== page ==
The vibe is unabashedly good-natured, and the elderly users — from 65 to 87 — engage their brains while imbibing the world’s best medicine: laughter. And they’ve never met in person.

The number of participants this day? Only six.

And that is the story of TeleVisit.

Snake bit by bad timing, for the past four years TeleVisit has been perched on the precipice of success only to suffer surprising and often sudden setbacks.

Cheng was ready to work with Oakland’s Senior Center Without Walls to offer an online version of the organization’s telephone call-in classes, only to watch the center receive a large contract from the Veteran’s Administration, sending TeleVisit back to the drawing board. An AARP advisory group examining social isolation was impressed with his presentation, but didn’t bite; the same with the Alzheimer’s Association.

“Once again they loved it,” laments Cheng, “and didn’t take any action.”

Each morning at 10:00,TeleVisit offers a different class, including Monday’s popular music program hosted by TeleVisit board member John Lehman. The 10-minute, pre-recorded video spotlights a different genre and uses green screen technology to place Lehman in various cities around the globe to complement the day’s musical offering — Harlem, for instance, to showcase jazz and blues.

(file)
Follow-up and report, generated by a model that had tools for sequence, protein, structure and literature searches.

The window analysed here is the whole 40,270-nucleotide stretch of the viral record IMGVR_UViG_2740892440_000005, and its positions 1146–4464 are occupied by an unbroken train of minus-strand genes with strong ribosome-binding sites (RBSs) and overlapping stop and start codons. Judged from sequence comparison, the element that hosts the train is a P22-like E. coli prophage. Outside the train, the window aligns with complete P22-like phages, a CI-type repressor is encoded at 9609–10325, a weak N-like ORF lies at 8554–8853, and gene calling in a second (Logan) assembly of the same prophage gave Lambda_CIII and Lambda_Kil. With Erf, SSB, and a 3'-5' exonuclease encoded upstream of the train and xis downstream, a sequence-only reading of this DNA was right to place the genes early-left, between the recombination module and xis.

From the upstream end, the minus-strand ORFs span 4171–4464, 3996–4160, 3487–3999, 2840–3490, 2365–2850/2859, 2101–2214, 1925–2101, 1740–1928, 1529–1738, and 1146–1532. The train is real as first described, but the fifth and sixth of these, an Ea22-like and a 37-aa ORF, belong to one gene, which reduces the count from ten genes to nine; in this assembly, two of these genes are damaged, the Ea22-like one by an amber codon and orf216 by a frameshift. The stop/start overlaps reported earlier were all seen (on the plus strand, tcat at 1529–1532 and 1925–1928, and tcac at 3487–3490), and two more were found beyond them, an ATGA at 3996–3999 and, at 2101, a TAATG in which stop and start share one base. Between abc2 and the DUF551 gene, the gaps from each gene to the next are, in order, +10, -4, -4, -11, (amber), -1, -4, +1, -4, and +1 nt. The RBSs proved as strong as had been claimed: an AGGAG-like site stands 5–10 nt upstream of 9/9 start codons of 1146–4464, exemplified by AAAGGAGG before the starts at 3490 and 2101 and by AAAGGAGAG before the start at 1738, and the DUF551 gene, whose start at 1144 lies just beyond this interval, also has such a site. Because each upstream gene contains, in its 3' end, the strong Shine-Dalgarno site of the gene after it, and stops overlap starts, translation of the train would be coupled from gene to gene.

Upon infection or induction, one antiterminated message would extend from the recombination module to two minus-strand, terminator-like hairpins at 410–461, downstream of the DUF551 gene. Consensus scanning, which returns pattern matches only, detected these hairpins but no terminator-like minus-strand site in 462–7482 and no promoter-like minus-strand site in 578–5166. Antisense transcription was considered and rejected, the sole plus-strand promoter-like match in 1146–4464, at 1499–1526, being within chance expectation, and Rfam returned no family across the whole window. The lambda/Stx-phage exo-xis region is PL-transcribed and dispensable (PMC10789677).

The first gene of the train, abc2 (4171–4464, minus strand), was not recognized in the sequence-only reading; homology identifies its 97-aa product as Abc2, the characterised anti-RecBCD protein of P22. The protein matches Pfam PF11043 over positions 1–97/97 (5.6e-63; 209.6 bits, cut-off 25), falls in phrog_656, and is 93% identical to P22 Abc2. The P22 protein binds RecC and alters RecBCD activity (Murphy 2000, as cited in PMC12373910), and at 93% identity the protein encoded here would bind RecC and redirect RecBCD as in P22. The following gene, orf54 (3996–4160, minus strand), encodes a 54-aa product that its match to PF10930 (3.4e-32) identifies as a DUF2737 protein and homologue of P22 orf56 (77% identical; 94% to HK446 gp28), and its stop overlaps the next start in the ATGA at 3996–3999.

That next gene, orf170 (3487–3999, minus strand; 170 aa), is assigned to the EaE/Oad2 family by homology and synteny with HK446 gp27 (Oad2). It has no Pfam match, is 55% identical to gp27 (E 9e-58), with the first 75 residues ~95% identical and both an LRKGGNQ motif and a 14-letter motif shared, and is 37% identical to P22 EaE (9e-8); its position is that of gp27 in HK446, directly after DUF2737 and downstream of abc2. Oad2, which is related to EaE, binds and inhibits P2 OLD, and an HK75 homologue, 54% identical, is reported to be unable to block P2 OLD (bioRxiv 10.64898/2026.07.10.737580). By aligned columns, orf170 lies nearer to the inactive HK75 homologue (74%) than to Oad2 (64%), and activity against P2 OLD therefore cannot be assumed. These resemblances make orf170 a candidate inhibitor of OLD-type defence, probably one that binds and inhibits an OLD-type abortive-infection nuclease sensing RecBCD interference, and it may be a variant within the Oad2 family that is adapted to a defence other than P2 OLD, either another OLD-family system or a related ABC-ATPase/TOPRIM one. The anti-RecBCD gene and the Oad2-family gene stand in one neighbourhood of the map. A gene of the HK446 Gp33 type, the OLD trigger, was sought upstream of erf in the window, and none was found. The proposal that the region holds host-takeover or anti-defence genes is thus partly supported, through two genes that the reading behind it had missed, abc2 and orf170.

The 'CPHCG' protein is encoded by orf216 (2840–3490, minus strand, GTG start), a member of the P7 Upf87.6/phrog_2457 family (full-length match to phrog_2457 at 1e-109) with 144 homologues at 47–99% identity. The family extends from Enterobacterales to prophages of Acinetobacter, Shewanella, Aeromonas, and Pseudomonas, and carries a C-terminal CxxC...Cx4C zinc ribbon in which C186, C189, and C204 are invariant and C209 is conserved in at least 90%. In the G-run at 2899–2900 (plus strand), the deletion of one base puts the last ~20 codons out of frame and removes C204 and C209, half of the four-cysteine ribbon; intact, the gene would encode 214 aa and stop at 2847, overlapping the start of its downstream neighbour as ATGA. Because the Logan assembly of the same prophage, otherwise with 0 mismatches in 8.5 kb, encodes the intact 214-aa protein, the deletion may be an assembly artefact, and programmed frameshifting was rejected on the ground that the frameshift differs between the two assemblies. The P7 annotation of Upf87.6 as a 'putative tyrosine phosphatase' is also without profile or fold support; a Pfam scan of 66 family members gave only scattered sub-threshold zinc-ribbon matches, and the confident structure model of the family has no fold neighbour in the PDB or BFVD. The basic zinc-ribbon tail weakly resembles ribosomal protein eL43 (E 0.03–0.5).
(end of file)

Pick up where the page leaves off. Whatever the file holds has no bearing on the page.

“I want to offer something the participant can’t get in any other way, which is simulated radio music programs from the 1930’s to 1980’s,” says Lehman. “The memory of the songs we listened to as teenagers is the strongest, longest lasting memory we have.”

The rest of the week’s programs feature brain games, quiz shows, and exercise. The popular Throwback Thursday stokes discussions of old objects, people, places and events.

Throughout the day – at noon, 2:00 and 4:00 — TeleVisit also offers short exercise videos to ensure users remain active. As always, they only need to tap the “Join” button on a tablet to participate as programs are automatically delivered.

There are also special programs posted online, such as the Cheng’s recent visit to Pescadero, or a Ted Talk on social isolation.

The physical, mental and emotional problems of social isolation are well-known, and include depression, anxiety, heart disease and a host of other chronic ailments.